Hedge bindweed

Hedge Bindweed

©Northeast Wildlife

Hedge bindweed

Scientific name: Calystegia sepium
A climbing plant of woodlands, hedgerows, riverbanks and gardens, Hedge bindweed can become a pest in some places. It has large, trumpet-shaped, white flowers and arrow-shaped leaves.

Species information


Height: up to 3m

Conservation status


When to see

June to September


Climbing and twisting through hedgerows, woodlands, ditches and riverbanks, the white flowers of Hedge bindweed are a familiar sight for many of us. Twining itself around other plants to assist its progress, this aggressive plant is often considered to be a weed in gardens, although it can provide excellent cover for fences and derelict buildings in towns and waste grounds. It flowers between June and September, but the twisting stems can be seen in spring.

How to identify

Hedge bindweed displays large, white flowers that look like the end of a trumpet. Its large leaves are arrow-shaped with long stalks. Its climbing nature and larger flowers can help to distinguish it from Field bindweed.



Did you know?

Hedge bindweed has the ability to root from even the smallest fragments, spreading at an incredible rate. It's these features that make it unpopular in the garden.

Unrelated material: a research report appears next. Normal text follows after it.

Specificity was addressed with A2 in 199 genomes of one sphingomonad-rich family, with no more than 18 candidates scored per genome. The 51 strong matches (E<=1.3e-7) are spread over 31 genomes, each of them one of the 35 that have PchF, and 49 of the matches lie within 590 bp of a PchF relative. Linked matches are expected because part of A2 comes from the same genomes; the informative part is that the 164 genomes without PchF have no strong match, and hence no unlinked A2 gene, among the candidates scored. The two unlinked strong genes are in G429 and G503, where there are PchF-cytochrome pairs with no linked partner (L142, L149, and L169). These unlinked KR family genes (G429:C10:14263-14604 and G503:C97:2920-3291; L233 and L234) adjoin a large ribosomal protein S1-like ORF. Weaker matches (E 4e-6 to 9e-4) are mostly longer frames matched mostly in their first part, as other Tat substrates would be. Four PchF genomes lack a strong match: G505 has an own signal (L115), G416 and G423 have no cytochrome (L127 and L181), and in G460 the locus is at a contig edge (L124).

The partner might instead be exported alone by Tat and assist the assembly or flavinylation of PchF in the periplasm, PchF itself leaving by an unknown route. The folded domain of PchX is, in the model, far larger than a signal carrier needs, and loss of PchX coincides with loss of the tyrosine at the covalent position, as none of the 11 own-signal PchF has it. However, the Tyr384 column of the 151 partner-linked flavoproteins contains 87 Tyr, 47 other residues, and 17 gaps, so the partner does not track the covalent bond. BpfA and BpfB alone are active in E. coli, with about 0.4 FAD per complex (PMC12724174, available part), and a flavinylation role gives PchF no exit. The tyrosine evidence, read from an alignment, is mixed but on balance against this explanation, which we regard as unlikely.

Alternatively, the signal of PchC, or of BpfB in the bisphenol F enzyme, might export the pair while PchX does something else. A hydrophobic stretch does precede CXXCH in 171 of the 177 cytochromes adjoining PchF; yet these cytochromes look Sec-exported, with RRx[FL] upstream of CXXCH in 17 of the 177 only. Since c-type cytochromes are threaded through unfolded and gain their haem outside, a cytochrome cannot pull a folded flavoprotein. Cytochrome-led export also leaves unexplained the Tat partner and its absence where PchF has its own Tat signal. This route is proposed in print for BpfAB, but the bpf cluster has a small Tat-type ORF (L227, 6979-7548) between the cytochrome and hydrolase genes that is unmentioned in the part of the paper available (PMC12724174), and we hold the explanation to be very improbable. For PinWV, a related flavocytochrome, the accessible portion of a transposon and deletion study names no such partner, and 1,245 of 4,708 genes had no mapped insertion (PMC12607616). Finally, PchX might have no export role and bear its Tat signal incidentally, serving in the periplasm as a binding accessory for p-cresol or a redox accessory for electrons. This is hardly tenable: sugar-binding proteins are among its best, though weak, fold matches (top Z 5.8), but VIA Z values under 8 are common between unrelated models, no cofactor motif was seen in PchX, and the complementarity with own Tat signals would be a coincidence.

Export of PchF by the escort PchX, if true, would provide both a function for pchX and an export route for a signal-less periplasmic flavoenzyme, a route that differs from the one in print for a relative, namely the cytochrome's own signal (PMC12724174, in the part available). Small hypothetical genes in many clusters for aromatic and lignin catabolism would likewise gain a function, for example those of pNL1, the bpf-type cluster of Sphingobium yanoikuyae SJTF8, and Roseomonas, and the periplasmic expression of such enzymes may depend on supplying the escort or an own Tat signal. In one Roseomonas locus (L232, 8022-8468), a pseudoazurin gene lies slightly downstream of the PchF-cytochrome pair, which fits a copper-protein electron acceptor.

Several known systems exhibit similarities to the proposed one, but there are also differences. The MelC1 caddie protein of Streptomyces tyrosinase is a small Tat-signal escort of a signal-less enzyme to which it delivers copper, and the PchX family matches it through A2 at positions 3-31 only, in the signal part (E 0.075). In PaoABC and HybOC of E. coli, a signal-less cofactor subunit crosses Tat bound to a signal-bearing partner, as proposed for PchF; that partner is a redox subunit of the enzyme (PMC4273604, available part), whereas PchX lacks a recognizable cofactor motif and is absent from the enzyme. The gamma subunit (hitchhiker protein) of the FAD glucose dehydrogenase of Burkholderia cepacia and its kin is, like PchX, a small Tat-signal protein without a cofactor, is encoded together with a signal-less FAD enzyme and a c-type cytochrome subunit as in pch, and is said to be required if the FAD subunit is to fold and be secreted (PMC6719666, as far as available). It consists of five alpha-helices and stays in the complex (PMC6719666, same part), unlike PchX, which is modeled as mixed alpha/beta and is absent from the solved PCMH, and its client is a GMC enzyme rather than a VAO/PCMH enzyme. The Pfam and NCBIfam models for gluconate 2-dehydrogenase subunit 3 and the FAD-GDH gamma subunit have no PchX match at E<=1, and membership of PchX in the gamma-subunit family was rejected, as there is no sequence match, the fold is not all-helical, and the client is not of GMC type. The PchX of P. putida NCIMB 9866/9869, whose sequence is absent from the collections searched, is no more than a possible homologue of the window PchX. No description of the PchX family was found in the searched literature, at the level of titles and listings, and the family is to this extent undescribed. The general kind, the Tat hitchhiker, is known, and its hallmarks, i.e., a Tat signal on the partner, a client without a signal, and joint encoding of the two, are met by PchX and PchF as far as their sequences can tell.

How people can help

Our gardens are a vital resource for wildlife, providing corridors of green space between open countryside, allowing species to move about. In fact, the UK's gardens provide more space for nature than all the National Nature Reserves put together. So why not try leaving wilder areas in your garden, such as patches of buttercups in your lawn or nettles near your compost heap, to see who comes to visit? To find out more about encouraging wildlife into your garden, visit our Wild About Gardens website: a joint initiative with the RHS, there's plenty of facts and tips to get you started.